Friday, May 13, 2011

Faithful Friday Faves: Amos

Posted by Lisa Laree to Beer Lahai Roi

The little book of Amos is, to put it mildly, a strong word. First to the nations around Israel and Judah...then to Israel and Judah also. I'm not going into the word that Amos spoke, though, because what caught my eye as I read through this is Amos' defense of his message to Amaziah, the priest of Bethel:

"I was neither a prophet nor a prophet's son, but I was a shepherd, and I also took care of sycamore-fig trees. But the LORD took me from tending the flock and said to me, 'Go, prophesy to my people Israel.'" - Amos 7:14-15

There are two pretty amazing things about this verse...first, Amos was, theologically speaking, a nobody. He had no credentials and no credibility, but God called him and sent him out with a message.

The other amazing thing is that Amos went. He left what he knew, where he was comfortable, the normal and the usual, and went to do something totally unfamiliar and prone to ridicule and offense.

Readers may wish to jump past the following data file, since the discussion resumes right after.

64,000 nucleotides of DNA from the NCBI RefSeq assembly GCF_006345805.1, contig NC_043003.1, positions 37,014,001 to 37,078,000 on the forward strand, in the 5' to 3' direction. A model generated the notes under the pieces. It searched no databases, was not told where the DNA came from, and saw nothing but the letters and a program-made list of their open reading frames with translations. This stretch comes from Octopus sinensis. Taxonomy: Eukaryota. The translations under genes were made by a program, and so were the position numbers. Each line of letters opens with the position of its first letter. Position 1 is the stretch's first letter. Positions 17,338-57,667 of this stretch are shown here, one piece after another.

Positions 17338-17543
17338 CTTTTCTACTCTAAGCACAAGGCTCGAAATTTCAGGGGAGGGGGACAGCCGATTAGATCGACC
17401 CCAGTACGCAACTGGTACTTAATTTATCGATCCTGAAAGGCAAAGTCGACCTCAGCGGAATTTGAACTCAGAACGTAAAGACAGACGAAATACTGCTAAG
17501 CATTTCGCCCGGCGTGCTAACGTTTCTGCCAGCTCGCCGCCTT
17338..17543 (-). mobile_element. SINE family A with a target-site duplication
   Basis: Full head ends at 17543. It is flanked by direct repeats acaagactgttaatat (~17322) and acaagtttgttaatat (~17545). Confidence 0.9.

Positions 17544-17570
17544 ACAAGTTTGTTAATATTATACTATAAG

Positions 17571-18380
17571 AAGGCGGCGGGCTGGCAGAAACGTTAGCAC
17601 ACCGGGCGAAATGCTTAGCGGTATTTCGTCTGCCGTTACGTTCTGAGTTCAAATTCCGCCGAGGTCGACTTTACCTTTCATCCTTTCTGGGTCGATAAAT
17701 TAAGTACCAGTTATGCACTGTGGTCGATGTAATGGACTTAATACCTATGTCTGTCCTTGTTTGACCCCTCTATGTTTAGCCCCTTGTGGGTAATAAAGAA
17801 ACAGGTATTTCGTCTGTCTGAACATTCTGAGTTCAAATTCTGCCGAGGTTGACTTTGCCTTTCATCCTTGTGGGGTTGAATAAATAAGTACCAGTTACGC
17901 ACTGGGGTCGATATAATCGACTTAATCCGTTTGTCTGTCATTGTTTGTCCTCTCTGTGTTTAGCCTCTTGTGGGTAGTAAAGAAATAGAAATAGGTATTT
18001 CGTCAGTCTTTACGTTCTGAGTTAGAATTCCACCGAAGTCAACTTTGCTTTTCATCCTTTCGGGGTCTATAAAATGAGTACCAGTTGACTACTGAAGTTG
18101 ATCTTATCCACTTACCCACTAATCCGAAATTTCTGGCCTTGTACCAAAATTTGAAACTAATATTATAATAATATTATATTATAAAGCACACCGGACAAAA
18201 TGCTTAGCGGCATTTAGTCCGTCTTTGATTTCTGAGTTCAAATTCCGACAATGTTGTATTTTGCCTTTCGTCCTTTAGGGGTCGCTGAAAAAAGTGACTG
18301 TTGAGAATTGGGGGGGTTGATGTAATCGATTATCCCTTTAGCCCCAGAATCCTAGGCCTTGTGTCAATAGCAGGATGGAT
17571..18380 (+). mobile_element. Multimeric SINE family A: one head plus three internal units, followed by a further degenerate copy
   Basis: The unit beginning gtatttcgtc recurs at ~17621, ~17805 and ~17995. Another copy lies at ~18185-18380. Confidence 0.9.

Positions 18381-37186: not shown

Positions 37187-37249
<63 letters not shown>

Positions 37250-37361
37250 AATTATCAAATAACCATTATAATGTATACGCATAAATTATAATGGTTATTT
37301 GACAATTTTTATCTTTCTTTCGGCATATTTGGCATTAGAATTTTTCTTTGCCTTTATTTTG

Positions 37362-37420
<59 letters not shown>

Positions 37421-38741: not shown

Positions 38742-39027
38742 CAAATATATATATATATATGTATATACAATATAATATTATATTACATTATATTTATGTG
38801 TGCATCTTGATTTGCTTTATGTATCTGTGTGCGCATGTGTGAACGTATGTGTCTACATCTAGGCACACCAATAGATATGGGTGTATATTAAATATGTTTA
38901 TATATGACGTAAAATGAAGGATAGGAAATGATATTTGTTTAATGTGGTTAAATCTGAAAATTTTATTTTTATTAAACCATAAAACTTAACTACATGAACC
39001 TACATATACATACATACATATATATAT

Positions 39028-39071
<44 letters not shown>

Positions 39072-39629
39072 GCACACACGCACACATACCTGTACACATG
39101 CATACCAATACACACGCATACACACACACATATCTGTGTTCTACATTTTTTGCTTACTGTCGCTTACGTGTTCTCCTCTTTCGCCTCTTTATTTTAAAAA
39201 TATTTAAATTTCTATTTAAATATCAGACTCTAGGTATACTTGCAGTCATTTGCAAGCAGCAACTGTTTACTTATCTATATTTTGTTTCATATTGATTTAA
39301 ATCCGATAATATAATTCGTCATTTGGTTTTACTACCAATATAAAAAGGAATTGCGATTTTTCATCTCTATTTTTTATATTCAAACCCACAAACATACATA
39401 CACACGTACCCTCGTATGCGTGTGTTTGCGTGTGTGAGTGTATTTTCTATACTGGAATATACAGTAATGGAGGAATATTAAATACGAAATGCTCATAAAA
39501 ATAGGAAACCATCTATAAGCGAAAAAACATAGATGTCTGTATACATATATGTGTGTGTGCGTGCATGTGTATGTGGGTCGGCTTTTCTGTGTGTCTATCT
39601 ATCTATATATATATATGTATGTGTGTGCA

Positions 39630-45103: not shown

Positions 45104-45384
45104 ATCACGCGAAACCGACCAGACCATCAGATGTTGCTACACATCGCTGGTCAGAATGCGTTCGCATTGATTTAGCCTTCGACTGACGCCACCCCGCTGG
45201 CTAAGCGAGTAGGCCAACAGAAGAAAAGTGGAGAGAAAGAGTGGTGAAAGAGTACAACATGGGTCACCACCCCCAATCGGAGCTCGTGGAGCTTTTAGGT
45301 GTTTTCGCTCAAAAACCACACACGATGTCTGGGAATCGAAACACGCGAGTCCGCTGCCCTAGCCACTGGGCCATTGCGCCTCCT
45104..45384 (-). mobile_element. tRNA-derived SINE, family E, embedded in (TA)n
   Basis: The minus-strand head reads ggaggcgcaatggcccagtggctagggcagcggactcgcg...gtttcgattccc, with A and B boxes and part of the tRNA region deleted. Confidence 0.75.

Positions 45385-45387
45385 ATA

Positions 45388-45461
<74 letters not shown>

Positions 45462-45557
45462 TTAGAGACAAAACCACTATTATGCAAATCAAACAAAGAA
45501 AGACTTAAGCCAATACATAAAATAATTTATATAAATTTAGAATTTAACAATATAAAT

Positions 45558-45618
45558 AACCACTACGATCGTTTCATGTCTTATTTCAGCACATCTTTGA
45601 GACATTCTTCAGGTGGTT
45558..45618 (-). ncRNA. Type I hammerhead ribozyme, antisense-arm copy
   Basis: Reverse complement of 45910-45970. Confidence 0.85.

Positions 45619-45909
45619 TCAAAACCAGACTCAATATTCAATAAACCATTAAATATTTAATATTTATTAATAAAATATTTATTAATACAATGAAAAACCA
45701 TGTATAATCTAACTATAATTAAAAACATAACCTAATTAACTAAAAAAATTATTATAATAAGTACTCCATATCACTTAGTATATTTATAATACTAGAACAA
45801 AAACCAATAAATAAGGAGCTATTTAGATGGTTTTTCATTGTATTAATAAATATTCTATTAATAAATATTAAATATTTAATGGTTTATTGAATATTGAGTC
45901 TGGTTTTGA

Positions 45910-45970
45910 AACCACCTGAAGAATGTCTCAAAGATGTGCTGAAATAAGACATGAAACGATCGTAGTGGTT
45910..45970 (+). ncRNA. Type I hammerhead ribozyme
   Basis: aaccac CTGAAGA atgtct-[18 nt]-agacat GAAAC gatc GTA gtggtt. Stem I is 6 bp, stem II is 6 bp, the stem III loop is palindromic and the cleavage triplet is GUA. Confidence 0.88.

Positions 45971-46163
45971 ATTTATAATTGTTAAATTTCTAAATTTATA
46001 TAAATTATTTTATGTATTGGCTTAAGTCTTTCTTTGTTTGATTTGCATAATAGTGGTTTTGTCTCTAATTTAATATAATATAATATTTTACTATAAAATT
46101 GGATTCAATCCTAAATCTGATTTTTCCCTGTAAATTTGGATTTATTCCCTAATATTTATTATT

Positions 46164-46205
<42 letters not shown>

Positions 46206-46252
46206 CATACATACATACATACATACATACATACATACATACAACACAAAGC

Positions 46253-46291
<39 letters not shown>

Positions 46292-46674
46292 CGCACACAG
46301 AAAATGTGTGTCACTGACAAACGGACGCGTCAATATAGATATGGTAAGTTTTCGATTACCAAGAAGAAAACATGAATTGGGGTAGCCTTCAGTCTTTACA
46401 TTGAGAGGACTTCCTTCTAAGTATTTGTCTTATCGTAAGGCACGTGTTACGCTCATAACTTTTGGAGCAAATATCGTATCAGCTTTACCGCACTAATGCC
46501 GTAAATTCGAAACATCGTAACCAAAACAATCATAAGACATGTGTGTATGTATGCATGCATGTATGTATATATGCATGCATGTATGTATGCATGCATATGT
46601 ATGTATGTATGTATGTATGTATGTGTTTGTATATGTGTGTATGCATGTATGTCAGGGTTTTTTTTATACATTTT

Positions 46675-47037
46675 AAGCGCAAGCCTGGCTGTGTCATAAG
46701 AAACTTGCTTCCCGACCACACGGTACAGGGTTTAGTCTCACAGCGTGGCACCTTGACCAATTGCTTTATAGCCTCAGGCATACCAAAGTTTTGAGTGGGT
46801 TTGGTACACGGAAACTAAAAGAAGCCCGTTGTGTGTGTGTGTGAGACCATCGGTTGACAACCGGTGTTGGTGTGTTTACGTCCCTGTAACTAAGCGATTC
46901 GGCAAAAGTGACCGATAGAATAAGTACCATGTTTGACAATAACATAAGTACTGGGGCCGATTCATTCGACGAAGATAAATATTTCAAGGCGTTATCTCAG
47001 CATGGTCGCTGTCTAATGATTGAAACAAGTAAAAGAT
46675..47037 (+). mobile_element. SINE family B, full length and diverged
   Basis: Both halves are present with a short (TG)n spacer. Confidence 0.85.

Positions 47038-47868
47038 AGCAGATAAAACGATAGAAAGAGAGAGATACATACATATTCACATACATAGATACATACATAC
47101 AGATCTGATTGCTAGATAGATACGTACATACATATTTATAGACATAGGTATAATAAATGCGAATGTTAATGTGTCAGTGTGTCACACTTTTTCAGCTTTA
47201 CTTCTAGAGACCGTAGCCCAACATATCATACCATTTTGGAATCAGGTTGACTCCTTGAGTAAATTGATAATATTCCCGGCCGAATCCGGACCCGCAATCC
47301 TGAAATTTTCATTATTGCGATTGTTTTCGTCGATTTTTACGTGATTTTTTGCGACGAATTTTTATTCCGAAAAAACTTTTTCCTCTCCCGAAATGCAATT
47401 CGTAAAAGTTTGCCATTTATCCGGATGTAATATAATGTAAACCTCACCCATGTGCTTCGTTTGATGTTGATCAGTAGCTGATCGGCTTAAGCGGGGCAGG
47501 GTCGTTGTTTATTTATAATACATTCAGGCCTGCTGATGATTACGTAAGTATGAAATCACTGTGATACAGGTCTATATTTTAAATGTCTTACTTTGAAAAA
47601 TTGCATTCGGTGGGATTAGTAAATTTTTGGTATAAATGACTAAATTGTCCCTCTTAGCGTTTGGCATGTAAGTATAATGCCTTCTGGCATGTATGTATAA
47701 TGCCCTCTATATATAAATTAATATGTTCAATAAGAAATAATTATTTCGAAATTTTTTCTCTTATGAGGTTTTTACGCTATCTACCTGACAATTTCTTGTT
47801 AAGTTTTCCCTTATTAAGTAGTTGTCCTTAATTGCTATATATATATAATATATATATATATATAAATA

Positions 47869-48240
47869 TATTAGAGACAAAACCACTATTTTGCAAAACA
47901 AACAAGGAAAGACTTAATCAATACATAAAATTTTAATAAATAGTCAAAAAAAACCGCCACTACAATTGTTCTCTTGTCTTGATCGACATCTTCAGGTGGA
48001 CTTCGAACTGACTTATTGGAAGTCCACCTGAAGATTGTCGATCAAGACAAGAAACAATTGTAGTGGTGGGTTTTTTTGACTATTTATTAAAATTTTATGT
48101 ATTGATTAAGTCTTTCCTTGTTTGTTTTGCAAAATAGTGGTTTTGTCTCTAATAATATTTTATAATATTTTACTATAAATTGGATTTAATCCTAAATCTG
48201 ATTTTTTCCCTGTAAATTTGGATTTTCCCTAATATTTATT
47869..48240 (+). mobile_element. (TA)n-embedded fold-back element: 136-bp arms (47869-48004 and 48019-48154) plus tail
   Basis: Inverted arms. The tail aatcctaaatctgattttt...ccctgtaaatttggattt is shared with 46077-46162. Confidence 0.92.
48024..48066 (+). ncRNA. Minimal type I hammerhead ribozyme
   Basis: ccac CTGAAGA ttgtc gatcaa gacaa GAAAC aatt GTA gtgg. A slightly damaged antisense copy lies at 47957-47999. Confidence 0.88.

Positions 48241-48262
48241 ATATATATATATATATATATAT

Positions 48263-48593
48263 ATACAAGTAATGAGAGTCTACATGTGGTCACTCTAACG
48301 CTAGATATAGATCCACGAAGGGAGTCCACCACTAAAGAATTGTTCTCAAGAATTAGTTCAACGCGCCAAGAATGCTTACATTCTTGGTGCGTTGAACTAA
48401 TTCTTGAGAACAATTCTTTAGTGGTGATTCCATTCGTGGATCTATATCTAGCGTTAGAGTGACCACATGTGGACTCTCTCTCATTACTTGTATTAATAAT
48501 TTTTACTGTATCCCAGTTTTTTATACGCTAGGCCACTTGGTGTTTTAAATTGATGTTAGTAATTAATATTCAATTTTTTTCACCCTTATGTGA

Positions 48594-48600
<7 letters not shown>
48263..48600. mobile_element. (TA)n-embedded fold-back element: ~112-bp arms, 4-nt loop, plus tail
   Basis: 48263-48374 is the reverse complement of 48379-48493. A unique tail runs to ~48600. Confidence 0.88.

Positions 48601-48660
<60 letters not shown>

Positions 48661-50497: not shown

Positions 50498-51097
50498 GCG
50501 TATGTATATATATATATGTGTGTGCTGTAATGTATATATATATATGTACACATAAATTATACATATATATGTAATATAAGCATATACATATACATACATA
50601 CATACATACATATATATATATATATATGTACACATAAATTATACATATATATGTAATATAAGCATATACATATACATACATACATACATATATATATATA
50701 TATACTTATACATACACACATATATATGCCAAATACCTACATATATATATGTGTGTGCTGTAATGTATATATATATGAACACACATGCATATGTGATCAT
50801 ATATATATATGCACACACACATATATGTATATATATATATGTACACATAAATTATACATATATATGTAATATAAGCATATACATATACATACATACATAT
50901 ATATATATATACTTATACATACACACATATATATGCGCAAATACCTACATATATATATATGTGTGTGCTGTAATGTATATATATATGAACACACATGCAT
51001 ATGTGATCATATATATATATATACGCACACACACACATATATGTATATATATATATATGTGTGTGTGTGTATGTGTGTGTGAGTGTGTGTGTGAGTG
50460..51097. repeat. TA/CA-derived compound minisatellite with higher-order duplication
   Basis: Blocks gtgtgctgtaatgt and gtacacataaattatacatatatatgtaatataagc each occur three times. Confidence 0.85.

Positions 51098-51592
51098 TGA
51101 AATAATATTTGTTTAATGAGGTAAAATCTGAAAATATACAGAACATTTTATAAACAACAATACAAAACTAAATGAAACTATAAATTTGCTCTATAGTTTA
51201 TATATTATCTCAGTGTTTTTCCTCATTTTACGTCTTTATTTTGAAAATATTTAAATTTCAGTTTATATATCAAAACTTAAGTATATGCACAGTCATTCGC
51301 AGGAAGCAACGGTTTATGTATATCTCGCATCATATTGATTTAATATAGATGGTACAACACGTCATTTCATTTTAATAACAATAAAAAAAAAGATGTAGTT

Talk about a transition.

How clear was the word of God to Amos before he walked away from the sheep? Did he have angels and trumpets? Did his visions come then or later? Or did he just have that gnawing in his spirit that he could not silence so he HAD to go and speak? Amos doesn't say...but whatever it was, Amos was convinced that it was God. So he went.

Or...maybe Amos wasn't absolutely convinced. Maybe, just maybe, he figured the only way to know if God was really speaking would be to walk it out and see. 'Cause if it wasn't God, he sure wouldn't get very far. But he went anyway.

And his message reached the king.

So...this makes me uncomfortable. Because, if I'm absolutely honest, I LIKE my comfort zone. I DON'T like causing problems and offending folks.

But it is apparent through reading the Scripture that folks who meekly avoided offending people and just hung out where they were comfortable didn't do anything great for God. In fact, they often were the very folks the prophecies decried.

So I'm wondering how Amos' example is going to affect ordinary, unqualified me. Will I let it challenge me to dare to believe that little voice is really God? How will I walk that out if I do?

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